The success of the BBC’s Birmingham-set drama ‘Peaky Blinders’ has been remarkable: a modestly budgeted crime drama, set in a period and location unfamiliar to most viewers – particularly overseas – and with accents that are uniquely ‘regional’. But a success it has been, with budgets increasing season upon season, and awards flowing in as surely and steadily as the barges travel along the Grand Union Canal.

Britain’s second city is often overlooked in terms of visitors from overseas and as a cultural centre. But, thanks to the popularity of ‘Peaky Blinders’, the region has seen a huge uptick in visitors; what’s known as “screen tourism”. Locations from the film have received heavy foot traffic and the show’s creator, Steven Knight, has created a festival inspired by the series, featuring musicians and bands from the show, talks from the shows actors, creators and historians.

But what’s more interesting is the more indirect impacts that the production has made on the Midlands city. Knight himself is behind a £100-million pound studio that is projected to be ’the greenest in the UK’. The studio will have six sound stages for film and television, as well as post-production facilities. Knight wants to encourage a terrestrial television franchise to be based there, and the BBC is among those who are “very keen”, he said. “We’ve got a backlot which is basically the countryside, where people can build castles and shoot things. A local landowner is happy to have productions.”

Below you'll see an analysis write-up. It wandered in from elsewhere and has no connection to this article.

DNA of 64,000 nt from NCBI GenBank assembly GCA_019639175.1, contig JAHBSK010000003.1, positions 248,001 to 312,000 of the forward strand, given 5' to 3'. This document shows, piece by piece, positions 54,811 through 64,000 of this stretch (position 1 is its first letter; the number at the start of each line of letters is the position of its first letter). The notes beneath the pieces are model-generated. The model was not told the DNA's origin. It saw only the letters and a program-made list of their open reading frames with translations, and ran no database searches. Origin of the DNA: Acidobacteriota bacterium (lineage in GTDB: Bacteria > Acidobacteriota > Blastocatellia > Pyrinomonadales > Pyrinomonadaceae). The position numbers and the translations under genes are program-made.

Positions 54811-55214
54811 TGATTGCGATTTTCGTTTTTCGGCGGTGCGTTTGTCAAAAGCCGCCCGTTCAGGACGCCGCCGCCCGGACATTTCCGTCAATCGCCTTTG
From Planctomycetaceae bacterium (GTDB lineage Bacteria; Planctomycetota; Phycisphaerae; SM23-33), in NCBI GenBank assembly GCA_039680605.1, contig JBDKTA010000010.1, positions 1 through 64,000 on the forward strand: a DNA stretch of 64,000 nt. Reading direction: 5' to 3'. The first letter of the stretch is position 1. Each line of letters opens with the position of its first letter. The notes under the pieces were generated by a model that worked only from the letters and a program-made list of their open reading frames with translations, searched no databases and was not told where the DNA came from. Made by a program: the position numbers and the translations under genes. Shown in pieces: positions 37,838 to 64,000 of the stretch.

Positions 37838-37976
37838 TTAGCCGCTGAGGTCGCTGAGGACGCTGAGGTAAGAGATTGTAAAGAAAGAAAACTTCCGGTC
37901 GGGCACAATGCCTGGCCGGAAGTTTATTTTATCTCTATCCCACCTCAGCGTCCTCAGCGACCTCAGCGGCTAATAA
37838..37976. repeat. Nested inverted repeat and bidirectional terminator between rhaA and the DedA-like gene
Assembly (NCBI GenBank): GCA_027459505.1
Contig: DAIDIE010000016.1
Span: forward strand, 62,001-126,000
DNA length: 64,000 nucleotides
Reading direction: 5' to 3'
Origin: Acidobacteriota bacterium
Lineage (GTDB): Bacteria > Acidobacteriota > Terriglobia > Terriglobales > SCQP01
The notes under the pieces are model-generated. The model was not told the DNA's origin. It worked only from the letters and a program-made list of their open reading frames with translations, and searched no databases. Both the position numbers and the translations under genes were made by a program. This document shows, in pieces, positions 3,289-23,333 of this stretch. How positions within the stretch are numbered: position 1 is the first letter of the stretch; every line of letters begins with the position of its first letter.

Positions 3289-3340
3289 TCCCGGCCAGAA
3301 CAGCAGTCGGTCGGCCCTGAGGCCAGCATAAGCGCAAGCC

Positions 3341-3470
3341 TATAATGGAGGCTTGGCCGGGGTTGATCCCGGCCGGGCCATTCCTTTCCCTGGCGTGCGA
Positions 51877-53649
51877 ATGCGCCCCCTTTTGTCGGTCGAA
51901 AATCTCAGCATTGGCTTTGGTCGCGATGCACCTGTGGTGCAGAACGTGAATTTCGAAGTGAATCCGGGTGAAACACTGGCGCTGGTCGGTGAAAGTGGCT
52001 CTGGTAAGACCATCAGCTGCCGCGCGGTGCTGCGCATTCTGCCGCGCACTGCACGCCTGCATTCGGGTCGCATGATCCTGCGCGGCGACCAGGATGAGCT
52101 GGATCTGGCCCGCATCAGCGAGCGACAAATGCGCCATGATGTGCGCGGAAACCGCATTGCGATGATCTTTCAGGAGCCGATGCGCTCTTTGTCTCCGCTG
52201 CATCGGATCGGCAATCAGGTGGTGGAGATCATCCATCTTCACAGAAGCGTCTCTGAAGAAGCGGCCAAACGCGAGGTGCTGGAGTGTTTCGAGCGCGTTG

At 52 Films we have had a sneak peak of these developments first hand. One of our film directors is based in neighbouring Leamington Spa and has experienced an increase in small independent film production projects around the Birmingham region over the last few years. We are actively pursuing freelancers from the area to supplement our (mainly London-based) production efforts as we are keen to explore this talented pool of creatives providing a competitive advantage through refreshing and cost-effective approaches to the filmmaking process. Talent is not the only new valuable source the region seems to foster as we are also finding new location options, camera and lighting suppliers offering up interesting opportunities.

Elsewhere, there are plans for other studios across the UK including the redevelopment of the former Littlewoods building in Liverpool, and major facilities near to the new Channel 4 HQ in Leeds. All this contributes to a welcome shift from the London-centric cultural bias, especially at a time when the political news agenda suggests that Britain is becoming ever more inward-looking.

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